Successful and well-liked, Dr. Noah Praetorius becomes the victim of a witch hunt at the hands of Professor Elwell, who disdains Praetorius’s unorthodox medical views and also questions his relationship with the mysterious, ever-present Mr. Shunderson. Fuel is added to the fire when Praetorius befriends young Deborah Higgins, who has become suicidal at the prospect of having a baby by her ex boyfriend, a military reservist who was called up for service in the Korean War and killed in action.
User Reviews: Although made in 1951, this movie is refreshingly modern and mature in its content yet it is a feel-good film in spite of the serious nature of some of the subject matter. Cary Grant plays Dr. Noah Praetorius, a medical doctor and professor at a college who also runs his own low-cost clinic. Hume Cronyn plays a fellow doctor and professor who hates Grant’s character. He is one of those fellows who doesn’t have to be passed over because of someone else or feel he has been unjustly treated to dislike that person. He just has to look around and see someone who is well-liked and successful where he is not to hold a grudge. The wonderful thing about Praetorius that Cronyn’s character cannot grasp is that it is not that Praetorius is exercising tremendous willpower in order to to do good because he feels he must live up to some kind of code of conduct. He is just a man with a generous spirit and a a healing soul. Dr. Praetorius’ constant companion is Mr. Shunderson. He isn’t in the actual employ of Praetorius, he is just always at his side and has no apparent medical training of any kind. It is the constant presence of this mysterious older man on which Cronyn centers his search for some dirt on Praetorius to hopefully eject him from the university.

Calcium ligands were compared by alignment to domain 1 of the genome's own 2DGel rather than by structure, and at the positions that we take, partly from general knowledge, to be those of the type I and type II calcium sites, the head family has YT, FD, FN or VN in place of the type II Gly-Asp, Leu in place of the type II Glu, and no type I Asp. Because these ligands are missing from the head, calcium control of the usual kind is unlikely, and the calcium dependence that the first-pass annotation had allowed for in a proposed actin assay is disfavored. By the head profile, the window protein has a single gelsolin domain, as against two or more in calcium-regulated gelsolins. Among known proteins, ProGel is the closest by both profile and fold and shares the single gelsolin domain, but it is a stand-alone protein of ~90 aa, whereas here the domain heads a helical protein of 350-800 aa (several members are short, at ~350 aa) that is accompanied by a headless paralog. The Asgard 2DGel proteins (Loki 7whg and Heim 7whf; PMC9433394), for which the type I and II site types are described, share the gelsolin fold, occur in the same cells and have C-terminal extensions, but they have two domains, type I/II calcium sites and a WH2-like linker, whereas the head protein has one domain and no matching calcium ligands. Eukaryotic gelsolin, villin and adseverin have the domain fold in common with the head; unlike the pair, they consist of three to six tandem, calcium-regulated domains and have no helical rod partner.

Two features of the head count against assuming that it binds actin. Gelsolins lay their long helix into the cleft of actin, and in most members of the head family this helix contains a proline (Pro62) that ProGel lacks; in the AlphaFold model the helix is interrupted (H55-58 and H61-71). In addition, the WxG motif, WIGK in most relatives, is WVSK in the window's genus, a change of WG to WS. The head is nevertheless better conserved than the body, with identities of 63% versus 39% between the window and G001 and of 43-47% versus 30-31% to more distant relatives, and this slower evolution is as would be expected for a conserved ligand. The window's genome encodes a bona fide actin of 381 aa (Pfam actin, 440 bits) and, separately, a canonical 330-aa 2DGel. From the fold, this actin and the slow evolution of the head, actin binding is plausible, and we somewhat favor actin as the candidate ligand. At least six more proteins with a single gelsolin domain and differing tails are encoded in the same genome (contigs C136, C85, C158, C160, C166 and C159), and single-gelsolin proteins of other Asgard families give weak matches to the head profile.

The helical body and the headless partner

Further complications arise when Dr. Pretorius treats a young woman (Jeanne Crain) who turns out to be pregnant by her fiancé who has just died in combat. The young woman attempts suicide upon hearing her condition. After Dr. Praetorius saves her life Mr. Shunderson points out that nothing has changed, the girl is still all alone and in trouble, and will therefore likely try suicide again.
These two subplots set up what could have been a very tragic film but ends up being an uplifting movie about the triumph of the better side of human nature made at the height of McCarthyism. You might even call it a kind of romantic comedy. I hadn’t seen this film in years and for some reason wrongly remembered it as having taken place at Christmas. In fact it takes place in the spring. I guess my memory had more to do with the fact that it has a kind of "spirit of Christmas" feeling in it the same way that "Boys’ Town" does. Check this one out, it will be sure to cheer you up.